public marks

PUBLIC MARKS from parmentierf with tags taln & web

2008 Blog: Query interfaces for the Semantic Web

An interesting presentiation at Google Tech Talks about different interfaces to query semantic data. Casual users were presented with 4 increasingly formal systems: keyword search, natural language search, controlled language search, and a graphical interface to build query patterns. Interestingly enough, the users liked natural language best, although keyword queries gave more accurate results.

uClassify - free text classifier web service

uClassify is a free web service where you can easily create your own text classifiers. Examples * Spam filter * Web page categorization * Automatic e-mail support * Language detection * Written text gender recognition * Sentiment * See below for some examples So what do you want to classify on? Only your imagination is the limit!

Home | OpenCalais

by 2 others
We want to make all the world's content more accessible, interoperable and valuable. Some call it Web 2.0, Web 3.0, the Semantic Web or the Giant Global Graph - we call our piece of it Calais. Calais is a rapidly growing toolkit of capabilities that allow you to readily incorporate state-of-the-art semantic functionality within your blog, content management system, website or application.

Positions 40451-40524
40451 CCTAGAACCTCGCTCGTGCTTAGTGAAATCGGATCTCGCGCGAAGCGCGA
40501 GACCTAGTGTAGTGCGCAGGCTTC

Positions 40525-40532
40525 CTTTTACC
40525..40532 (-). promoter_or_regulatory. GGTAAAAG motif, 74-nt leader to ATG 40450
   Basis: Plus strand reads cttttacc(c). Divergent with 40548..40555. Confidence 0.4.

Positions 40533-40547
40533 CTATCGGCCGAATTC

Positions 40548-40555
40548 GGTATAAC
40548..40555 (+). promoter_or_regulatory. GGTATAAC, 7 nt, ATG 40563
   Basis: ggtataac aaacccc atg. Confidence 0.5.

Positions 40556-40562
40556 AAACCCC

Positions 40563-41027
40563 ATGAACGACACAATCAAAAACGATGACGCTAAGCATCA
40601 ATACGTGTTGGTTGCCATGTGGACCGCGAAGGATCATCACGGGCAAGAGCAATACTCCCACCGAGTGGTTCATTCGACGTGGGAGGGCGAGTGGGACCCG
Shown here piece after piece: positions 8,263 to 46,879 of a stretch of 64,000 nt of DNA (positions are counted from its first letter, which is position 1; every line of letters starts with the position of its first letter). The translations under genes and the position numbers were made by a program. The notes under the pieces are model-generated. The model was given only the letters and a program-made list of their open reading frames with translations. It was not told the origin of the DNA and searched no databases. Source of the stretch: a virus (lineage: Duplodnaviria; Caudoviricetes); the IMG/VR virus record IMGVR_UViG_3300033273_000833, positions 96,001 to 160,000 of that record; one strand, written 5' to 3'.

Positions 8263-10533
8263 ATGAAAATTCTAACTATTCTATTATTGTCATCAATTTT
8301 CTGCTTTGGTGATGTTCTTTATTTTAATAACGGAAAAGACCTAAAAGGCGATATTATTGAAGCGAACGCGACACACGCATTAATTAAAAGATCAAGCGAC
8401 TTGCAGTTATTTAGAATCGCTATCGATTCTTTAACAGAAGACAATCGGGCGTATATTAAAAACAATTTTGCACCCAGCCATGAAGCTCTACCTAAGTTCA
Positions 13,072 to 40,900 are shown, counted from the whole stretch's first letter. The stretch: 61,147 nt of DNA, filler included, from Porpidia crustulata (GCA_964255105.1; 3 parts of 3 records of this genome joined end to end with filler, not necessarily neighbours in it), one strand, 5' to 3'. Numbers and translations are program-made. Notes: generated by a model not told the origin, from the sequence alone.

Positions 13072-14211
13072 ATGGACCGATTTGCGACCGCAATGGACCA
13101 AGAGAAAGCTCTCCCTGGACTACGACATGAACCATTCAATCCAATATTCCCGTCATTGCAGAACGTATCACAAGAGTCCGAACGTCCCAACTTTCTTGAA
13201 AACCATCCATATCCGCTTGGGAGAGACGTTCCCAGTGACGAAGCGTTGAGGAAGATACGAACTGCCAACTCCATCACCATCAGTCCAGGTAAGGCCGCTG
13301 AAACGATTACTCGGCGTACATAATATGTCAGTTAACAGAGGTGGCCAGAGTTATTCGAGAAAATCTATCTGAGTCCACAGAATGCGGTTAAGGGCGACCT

Cypher - Beta Release — - ai - ai software - semantic web - semantic web software - ai company - natural language processing - natural language processing software - RDF, FOAF, Friend of a Friend, DC, Dublin Core, RSS, SeRQL and SPARQL softwa

The Cypher™ beta release is the AI software program available which generates the .rdf (RDF graph) and .serql (SeRQL query) representation of a plain language input, allowing users to speak plain language to update and query databases. With robust definition languages, Cypher's grammar and lexicon can quickly and easily be extended to process highly complex sentences and phrases of any natural language, and can cover any vocabulary. Equipped with Cypher, programmers can now begin building next generation semantic web applications that harness what is already the most widely used tool known to man - natural language.



Official Google Research Blog: All Our N-gram are Belong to You

by 1 other (via)
Here at Google Research we have been using word n-gram models for a variety of R&D projects, such as statistical machine translation, speech recognition, spelling correction, entity detection, information extraction, and others. While such models have usually been estimated from training corpora containing at most a few billion words, we have been harnessing the vast power of Google's datacenters and distributed processing infrastructure to process larger and larger training corpora. We found that there's no data like more data, and scaled up the size of our data by one order of magnitude, and then another, and then one more - resulting in a training corpus of one trillion words from public Web pages.